It is, but if you will allow me to digress a little, please refer to The Sense of an Ending by Julian Barnes. My views on suicide have tremendously changed right after finishing it. But yes, on the context of Muller's novel, it is a worse kind of fleeing. It's no longer an escape from a country, but an escape from Life.


message 13: by Monique (new)

Monique (attymonique) | 2126 comments We are given a glimpse of the future (the sacks of Georg and Kurt) and I almost hyperventilated because of it. We should expect our protagonists to die, right?

I thought it already happened, actually, that the narrative would be fast-forwarded to the time when they had already died. But then Kurt goes and visits our narrator in her little room in Frau Margit's house, so yes, it's just a glimpse of the boys' fates.

It just goes to show that there's something more to Tereza, something lurking inside her, that stands in stark contrast of her spoiled brat demeanor.

This is what makes me nervous and wary of Tereza. She doesn't seem at all trustworthy, and I'm inclined to join Kurt in his advice for our narrator not to trust Tereza.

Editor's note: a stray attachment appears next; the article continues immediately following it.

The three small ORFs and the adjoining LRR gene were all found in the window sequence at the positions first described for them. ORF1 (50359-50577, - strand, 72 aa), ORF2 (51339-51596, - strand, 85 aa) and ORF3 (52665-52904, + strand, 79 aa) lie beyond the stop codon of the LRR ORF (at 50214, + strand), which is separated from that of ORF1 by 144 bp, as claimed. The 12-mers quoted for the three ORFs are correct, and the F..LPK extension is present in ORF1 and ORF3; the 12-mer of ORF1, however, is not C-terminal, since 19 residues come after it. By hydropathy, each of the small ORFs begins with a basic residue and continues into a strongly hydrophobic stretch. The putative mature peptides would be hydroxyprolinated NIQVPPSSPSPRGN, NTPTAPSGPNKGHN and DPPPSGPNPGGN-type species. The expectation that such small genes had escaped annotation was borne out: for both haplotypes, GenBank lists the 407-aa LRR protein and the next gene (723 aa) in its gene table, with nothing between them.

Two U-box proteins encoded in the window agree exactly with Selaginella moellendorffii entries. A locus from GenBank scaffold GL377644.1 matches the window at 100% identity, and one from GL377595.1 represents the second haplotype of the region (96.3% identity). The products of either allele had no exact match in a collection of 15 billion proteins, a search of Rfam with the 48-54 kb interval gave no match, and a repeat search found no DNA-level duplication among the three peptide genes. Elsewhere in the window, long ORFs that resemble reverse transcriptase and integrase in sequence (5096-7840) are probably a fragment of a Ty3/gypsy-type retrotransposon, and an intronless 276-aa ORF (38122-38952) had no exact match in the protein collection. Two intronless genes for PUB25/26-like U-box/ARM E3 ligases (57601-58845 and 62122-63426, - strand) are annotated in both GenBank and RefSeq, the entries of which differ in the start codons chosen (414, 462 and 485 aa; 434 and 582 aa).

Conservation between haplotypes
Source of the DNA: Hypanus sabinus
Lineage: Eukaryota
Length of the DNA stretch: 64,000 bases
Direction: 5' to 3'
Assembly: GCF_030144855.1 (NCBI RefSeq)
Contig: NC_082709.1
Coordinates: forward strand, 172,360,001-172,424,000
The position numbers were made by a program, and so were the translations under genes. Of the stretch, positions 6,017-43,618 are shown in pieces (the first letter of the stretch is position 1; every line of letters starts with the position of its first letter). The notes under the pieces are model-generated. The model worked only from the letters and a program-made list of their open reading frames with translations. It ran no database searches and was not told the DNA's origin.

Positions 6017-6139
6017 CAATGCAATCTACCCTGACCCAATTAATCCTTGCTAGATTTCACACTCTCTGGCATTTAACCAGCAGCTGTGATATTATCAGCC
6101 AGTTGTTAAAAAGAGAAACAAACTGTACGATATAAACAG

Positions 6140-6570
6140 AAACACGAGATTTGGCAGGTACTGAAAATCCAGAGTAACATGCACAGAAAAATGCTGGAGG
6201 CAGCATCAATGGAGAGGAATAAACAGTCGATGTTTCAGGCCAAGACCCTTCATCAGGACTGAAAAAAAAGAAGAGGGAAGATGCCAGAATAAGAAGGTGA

I think the answer to that is plain vanity.

Ah, vanity! My favorite sin. (Have you seen The Devil's Advocate starring Al Pacino and Keanu Reeves?) What a stupid thing to risk one's neck for. And the vanity isn't even for the seamstress' own sake: the necklaces weren't even for her. I thought vanity is indulged for the satisfaction of one's own, personal and selfish wants. So vanity, well, this is debatable; I would much rather think that she loves her children so much that she went through the dangers of smuggling the necklaces in.

It is, but if you will allow me to digress a little, please refer to The Sense of an Ending by Julian Barnes. My views on suicide have tremendously changed right after finishing it.

Okay, I'm bumping the book way up on my TBR list. :)


message 14: by Monique (last edited May 16, 2012 07:59PM) (new)

Monique (attymonique) | 2126 comments Day 4:


The narrative doesn't follow a chronological timeline; instead, it see-saws between present, to future, and then past. This is why yesterday, we were given a glimpse of the fates of Kurt and Georg (they're going to die!), and then the narrator hauls us back into the present, a time when she would often meet up with her boylets, each of them alive and well. In between narrations, our main protagonist would also be gripped by a memory from her childhood, and this is injected somewhere in the middle of a particular event.